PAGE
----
I just finished reading Findependence Day by Jonathan Chevreau, the personal finance columnist for the Financial Post.  Findependence Day is a fictional personal finance story that follows the lives of a young debt-ridden couple’s long journey to financial independence.

I’m sure many Canadians will identify with this story as it guides you through all of life’s major events – like getting out of credit card debt, buying your first home, having children, changing careers, learning how to invest and knowing who to trust with your money.

Findependence Day

Findependence Day is short for Financial Independence Day, or the day when the income from your investments and all other sources exceed your income from full-time employment.  It’s the day that you no longer need to work for the man.

The premise is to pick some date in the future when you believe you’ll achieve Financial Independence.  There’s great power in drawing a line in the sand and saying this is the day.  If you fall behind, take steps to speed it up.  If you think you’ll overshoot, you can take a few more days of vacation.

The Story

After being humiliated about their credit card debts on a national TV show the hero of the story, 28-year old Jamie Morelli, declares his personal Findependence Day will be the day he turns 50.  Jamie’s wife Sheena is slow to buy into the “guerilla frugality” mindset needed to save and invest.  Jamie ignores her wish to buy real estate and jumps into the stock market just before it crashes.

Shaken, but not undaunted, Jamie looks for multiple streams of income.  He aims for the big score when his hobby blog attracts interest from venture capitalists and a major Internet site.  After he is betrayed by a business partner, Jamie’s world falls apart, threatening his dream of early financial independence.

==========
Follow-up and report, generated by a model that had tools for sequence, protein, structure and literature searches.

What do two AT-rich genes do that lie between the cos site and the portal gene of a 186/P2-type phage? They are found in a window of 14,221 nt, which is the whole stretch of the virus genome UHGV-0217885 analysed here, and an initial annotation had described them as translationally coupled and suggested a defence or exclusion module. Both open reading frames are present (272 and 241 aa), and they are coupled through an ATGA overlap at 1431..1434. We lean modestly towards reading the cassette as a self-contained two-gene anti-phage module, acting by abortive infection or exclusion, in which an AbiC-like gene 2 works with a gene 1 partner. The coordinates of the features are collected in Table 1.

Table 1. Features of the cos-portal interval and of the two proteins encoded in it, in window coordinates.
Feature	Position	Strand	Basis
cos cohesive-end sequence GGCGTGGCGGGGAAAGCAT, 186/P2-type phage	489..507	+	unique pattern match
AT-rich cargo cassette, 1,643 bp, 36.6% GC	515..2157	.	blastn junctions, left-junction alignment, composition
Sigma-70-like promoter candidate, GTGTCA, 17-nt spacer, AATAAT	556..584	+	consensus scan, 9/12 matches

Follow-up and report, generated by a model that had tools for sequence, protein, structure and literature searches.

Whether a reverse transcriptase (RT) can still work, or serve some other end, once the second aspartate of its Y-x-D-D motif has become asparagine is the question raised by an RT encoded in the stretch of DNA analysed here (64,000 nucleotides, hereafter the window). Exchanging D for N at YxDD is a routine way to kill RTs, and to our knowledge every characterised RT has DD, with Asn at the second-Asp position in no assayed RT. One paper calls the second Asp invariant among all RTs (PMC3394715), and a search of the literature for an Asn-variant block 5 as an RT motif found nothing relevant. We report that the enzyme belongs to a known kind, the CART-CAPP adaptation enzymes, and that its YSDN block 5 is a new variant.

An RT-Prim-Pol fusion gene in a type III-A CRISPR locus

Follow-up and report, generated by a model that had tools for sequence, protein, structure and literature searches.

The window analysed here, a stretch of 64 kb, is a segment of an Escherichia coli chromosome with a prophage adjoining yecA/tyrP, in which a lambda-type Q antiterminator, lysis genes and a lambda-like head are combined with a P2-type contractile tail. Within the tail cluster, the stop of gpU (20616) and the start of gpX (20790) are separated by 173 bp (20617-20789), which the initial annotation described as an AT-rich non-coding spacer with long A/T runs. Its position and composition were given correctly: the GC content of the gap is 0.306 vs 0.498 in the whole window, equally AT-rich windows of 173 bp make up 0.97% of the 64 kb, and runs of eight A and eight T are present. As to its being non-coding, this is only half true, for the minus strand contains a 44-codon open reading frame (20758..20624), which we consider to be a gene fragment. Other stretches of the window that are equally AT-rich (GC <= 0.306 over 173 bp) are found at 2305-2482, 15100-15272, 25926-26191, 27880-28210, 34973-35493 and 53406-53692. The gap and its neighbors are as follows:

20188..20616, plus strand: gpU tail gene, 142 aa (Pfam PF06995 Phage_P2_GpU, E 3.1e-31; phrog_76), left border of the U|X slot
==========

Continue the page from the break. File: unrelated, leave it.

Rather than simply preaching some personal finance rules to follow, this book gave an honest portrayal of a typical Canadian family struggling to balance their financial priorities.  It showed the importance of not only having a financial plan, but keeping your plan updated as you move through life’s major events.

What’s Your Findependence Day?

This book made me think about my Findependence Day.  I never really latched on to the idea of early retirement.  I’m on track to retire and collect my full pension at 57, which is 25 years away.  But I enjoy my job, so getting paid to do something I like is definitely a bonus.

That’s why the concept of Findependence Day is so intriguing because it doesn’t necessarily mean retirement.  When you reach Financial Independence, you can keep doing the things you’ve always done – but now you’re doing it because you want to, not because you need to.

In order to reach Financial Independence we will need our mortgage paid off, have both of our tax free savings accounts fully funded, and ensure that our kids are financially prepared for post-secondary school.  I think we can reach Findependence Day by the time I turn 50.

What about you – what’s your Findependence Day?

Leave a comment below for the chance to win a free copy of Findependence Day.  I’ll announce the winner of the book on Friday March 2nd.


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